Understanding Dementia

Dementia is a condition that causes progressive intellectual decline leading to increasing difficulties in coping with everyday activities. It is not a part of normal aging.


Who is Affected?

It affects mainly elderly people. Locally, according to the Well-being of the Singapore Elderly (WiSE) study led by the Institute of Mental Health in 2015, one in 10 people aged 60 and above may have dementia. This translates to almost 82,000 people in 2018 and the number is expected to exceed 100,000 in a few years’ time. Read more here.


Types of Dementia

Dementia is an umbrella term that describes a wide range of symptoms including memory loss and mental decline.

There are two common types of dementia: Alzheimer’s Disease and Vascular Dementia. In Alzheimer’s disease, the onset of symptoms and the progression of the illness is gradual. Although the cause is still unknown, present research suggests that there is a familial tendency and certain chemicals in the brain are lacking. As yet, there is no known medical cure for the disease. Vascular dementia results from a series of strokes in the brain and it is also known as post-stroke dementia.


Symptoms of Dementia

Generally, there are three stages which mark the onset and progression of the disease.

The individual appears forgetful or occasionally repeats himself. Sometimes they behave oddly and become withdrawn, lethargic or agitated. Planning of day-to-day activities becomes difficult.

In this stage, the changes become more noticeable. The memory lapses are more obvious. Behaviour becomes problematic and may interfere with normal day-to-day activities. Some examples of behaviour which may be symptomatic of moderate dementia are:

  • Wandering and getting lost
  • Repeating words
  • Neglecting personal hygiene
  • Losing track of time and events
  • Forgetting the names of common objects and familiar people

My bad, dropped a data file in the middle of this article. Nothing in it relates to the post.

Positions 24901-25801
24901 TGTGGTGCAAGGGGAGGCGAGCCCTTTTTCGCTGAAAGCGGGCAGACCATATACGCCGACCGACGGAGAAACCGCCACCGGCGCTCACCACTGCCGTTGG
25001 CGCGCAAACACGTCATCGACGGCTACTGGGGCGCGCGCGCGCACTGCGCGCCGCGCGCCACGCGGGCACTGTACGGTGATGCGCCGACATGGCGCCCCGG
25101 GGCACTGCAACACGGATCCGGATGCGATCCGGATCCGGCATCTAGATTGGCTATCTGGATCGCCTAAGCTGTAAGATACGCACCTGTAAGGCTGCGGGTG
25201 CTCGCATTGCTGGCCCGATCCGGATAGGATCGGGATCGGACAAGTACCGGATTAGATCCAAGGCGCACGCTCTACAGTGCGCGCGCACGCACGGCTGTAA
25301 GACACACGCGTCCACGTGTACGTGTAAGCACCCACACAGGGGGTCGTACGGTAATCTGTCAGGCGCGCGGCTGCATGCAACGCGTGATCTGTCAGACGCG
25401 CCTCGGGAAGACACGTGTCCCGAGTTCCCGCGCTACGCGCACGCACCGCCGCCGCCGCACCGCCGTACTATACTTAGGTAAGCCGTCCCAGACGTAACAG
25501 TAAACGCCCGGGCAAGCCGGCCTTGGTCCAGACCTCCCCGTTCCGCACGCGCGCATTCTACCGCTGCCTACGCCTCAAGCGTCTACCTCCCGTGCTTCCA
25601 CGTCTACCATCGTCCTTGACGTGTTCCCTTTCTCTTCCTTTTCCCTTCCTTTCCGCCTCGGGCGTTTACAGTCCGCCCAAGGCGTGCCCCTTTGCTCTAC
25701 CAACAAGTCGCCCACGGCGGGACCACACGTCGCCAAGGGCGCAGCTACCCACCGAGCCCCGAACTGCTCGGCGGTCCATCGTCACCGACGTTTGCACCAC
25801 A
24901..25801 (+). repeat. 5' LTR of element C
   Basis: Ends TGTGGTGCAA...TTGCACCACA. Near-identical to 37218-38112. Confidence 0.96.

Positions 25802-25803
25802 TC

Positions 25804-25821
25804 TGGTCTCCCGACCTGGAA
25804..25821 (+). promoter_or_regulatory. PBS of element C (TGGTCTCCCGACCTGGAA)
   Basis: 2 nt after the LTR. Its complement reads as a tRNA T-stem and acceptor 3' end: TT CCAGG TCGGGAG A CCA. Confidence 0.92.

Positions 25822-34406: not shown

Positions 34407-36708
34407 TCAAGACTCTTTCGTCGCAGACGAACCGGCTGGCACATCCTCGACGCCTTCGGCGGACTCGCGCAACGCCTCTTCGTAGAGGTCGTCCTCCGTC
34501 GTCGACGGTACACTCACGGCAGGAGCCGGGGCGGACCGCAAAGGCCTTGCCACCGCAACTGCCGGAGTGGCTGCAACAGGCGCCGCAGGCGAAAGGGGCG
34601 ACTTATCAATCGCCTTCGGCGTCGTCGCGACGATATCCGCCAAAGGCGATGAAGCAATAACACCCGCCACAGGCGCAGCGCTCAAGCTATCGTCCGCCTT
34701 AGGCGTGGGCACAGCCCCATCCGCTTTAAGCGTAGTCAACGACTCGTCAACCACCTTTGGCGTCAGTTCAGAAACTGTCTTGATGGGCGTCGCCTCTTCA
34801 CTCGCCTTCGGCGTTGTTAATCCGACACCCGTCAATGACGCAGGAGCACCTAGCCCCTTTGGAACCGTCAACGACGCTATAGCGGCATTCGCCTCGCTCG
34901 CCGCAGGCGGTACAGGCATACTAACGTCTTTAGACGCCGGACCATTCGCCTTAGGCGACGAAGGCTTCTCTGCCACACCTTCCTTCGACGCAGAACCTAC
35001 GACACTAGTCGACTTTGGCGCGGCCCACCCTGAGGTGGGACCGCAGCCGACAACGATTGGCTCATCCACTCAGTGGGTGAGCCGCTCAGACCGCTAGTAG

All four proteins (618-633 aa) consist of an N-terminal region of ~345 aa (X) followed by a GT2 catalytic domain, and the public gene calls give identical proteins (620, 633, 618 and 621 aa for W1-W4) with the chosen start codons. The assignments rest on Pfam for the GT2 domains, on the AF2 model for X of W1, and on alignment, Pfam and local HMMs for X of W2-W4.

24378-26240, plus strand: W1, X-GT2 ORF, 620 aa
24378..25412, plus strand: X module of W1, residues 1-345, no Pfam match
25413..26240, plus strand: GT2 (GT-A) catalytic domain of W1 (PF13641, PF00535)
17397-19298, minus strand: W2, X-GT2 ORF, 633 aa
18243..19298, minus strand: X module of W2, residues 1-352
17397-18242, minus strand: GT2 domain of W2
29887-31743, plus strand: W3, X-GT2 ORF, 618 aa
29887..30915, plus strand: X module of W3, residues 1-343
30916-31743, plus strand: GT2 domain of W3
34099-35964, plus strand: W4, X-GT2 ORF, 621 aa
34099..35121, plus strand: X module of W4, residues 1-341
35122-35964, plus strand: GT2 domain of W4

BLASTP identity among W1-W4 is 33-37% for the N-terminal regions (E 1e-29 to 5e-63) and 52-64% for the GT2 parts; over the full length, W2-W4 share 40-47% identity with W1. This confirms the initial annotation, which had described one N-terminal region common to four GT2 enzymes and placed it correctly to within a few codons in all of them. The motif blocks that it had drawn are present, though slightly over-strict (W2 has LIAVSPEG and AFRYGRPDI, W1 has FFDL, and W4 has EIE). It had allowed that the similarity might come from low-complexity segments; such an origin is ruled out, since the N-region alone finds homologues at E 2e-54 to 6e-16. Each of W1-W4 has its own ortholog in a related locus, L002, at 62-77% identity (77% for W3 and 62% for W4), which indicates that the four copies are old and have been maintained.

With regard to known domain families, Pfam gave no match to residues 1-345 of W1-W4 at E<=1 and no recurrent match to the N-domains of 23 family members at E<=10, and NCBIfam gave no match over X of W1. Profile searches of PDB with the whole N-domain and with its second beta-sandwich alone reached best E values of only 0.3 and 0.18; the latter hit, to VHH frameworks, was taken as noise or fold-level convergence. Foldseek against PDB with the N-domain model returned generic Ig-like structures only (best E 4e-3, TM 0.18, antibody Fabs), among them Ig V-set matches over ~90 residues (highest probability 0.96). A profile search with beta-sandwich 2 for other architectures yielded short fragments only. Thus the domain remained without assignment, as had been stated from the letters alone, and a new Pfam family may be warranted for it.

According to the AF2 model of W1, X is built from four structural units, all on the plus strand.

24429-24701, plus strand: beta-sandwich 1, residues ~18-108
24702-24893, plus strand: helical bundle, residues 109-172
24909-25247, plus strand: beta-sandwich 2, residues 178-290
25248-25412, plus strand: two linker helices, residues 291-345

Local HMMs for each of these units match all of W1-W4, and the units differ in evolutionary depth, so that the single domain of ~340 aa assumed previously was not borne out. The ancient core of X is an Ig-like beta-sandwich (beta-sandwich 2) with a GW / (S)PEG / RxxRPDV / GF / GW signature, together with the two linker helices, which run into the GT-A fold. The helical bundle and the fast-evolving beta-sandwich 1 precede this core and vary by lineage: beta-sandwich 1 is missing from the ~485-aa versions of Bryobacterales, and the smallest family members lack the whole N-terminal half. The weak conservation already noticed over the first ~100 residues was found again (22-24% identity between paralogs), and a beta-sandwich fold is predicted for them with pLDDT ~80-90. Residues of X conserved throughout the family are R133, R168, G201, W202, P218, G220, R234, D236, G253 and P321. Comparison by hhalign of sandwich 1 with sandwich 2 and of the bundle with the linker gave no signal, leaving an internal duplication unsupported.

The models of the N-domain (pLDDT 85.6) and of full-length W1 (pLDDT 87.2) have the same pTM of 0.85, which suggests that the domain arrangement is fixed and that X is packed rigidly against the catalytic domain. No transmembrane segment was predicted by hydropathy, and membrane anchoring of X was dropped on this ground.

• Irritability and agitation

The individual is unable to recognise family members and will need help in personal care such as bathing, going to the bathroom, dressing and eating. Their speech may be difficult to understand and they may not comprehend what is being said to them.

Below is a checklist of symptoms of dementia:

  1. Problems with recent memory
  2. Problems with visual perception
  3. Changes in mood, behaviour & personality
  4. Withdrawal from hobbies & activities
  5. Misplacing things
  6. Confused with places and time
  7. Difficulties in planning and thinking
  8. Difficulties in communication
  9. Difficulties in completing familiar tasks
  10. Poor judgement & impaired social behaviour


What can I do if someone I know is showing signs of dementia?

If you have a relative or loved one with memory problems:

  • He/she should see a doctor for an assessment and diagnosis.

  • Get some understanding about dementia. Your doctor can put you in touch with people who can help.

  • Rally for support. Caring for people with dementia is challenging and can be exhausting both physically and emotionally. Learn to talk about your problems. Make sure that you get enough rest. Take care of your own physical and mental well-being.

  • Group support is important. Meet with others who are also caring for people with dementia. Sharing provides mutual support for caregivers.

  • Get expert advice especially with coping with challenging behaviour.

Here are some ways of coping with forgetfulness:

  1. Remind people with dementia constantly of reality around them, for example, the day, date, month, year, time of day, place and the names of people around them.
  2. Keep to a regular routine.
  3. Use memory aids like diaries, memo boards, signs, clocks, calendars, etc.



For more information, you may refer to our Frequently Asked Questions as well as the Forget Us Not guidebook (in English and Mandarin). You may also read more about dementia in Singapore here.

If you require further information or assistance, call our Dementia Helpline 6377 0700 or contact us.

As a donor, you can make a difference to the dementia landscape. Make a contribution now.
As a donor, you can make a difference to the dementia landscape.
Make a contribution now.